- Shell scripts, wrappers, file watchers
- Event-driven schedules
I have used Airflow in the past, and I know we need to create DAGs for each pipeline. I am not familiar with Jenkins, but I know it works with configuration without much underlying code. I want to evaluate both and appreciate any advise
I am looking for the best tool to orchestrate #ETL workflows in non-Hadoop environments, mainly for regression testing use cases. Would Airflow or Apache NiFi be a good fit for this purpose?
For example, I want to run an Informatica ETL job and then run an SQL task as a dependency, followed by another task from Jira. What tool is best suited to set up such a pipeline?
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The algorithms and data infrastructure at Stitch Fix is housed in #AWS. Data acquisition is split between events flowing through Kafka, and periodic snapshots of PostgreSQL DBs. We store data in an Amazon S3 based data warehouse. Apache Spark on Yarn is our tool of choice for data movement and #ETL. Because our storage layer (s3) is decoupled from our processing layer, we are able to scale our compute environment very elastically. We have several semi-permanent, autoscaling Yarn clusters running to serve our data processing needs. While the bulk of our compute infrastructure is dedicated to algorithmic processing, we also implemented Presto for adhoc queries and dashboards.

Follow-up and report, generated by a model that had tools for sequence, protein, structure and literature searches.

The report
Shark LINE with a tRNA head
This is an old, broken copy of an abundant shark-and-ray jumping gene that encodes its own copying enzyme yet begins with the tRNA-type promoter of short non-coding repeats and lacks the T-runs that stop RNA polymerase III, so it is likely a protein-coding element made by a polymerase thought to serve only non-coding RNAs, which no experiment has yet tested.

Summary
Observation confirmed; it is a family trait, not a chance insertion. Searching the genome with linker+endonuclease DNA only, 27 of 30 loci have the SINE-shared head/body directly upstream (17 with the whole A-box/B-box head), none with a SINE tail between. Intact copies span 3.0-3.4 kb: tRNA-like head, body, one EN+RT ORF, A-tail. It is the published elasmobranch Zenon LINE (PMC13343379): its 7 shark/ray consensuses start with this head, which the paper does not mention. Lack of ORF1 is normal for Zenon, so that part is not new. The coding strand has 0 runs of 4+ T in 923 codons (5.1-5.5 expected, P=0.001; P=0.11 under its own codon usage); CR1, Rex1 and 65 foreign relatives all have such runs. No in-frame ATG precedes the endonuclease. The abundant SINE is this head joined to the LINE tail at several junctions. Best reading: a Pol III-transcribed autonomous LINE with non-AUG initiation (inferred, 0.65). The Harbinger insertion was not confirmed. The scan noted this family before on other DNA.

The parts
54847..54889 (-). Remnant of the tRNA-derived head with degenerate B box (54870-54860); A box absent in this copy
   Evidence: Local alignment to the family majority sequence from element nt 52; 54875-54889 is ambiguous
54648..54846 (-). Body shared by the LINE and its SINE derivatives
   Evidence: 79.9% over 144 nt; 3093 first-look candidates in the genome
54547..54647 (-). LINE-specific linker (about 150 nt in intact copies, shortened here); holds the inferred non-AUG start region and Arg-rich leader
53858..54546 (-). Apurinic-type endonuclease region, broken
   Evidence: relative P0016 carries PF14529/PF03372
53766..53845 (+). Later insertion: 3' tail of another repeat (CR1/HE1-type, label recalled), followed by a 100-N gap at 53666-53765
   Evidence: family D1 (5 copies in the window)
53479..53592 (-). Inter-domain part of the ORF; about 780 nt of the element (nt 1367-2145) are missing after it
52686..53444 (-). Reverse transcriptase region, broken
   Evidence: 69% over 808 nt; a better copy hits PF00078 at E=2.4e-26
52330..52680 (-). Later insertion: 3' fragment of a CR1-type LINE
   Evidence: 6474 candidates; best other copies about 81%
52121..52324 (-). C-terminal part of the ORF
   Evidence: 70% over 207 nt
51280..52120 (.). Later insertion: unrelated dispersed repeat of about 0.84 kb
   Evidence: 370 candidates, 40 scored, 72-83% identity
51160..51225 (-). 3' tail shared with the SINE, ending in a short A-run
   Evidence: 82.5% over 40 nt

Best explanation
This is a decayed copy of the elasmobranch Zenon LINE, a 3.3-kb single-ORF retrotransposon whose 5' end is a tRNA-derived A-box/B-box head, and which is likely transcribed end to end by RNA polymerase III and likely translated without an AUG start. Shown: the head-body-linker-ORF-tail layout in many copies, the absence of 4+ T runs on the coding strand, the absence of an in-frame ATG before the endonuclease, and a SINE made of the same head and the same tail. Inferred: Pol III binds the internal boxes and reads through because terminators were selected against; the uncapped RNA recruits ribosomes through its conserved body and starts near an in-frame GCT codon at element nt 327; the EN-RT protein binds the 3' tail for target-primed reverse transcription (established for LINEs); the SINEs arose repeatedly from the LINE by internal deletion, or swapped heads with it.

Beyond data movement and ETL, most #ML centric jobs (e.g. model training and execution) run in a similarly elastic environment as containers running Python and R code on Amazon EC2 Container Service clusters. The execution of batch jobs on top of ECS is managed by Flotilla, a service we built in house and open sourced (see https://github.com/stitchfix/flotilla-os).
At Stitch Fix, algorithmic integrations are pervasive across the business. We have dozens of data products actively integrated systems. That requires serving layer that is robust, agile, flexible, and allows for self-service. Models produced on Flotilla are packaged for deployment in production using Khan, another framework we've developed internally. Khan provides our data scientists the ability to quickly productionize those models they've developed with open source frameworks in Python 3 (e.g. PyTorch, sklearn), by automatically packaging them as Docker containers and deploying to Amazon ECS. This provides our data scientist a one-click method of getting from their algorithms to production. We then integrate those deployments into a service mesh, which allows us to A/B test various implementations in our product.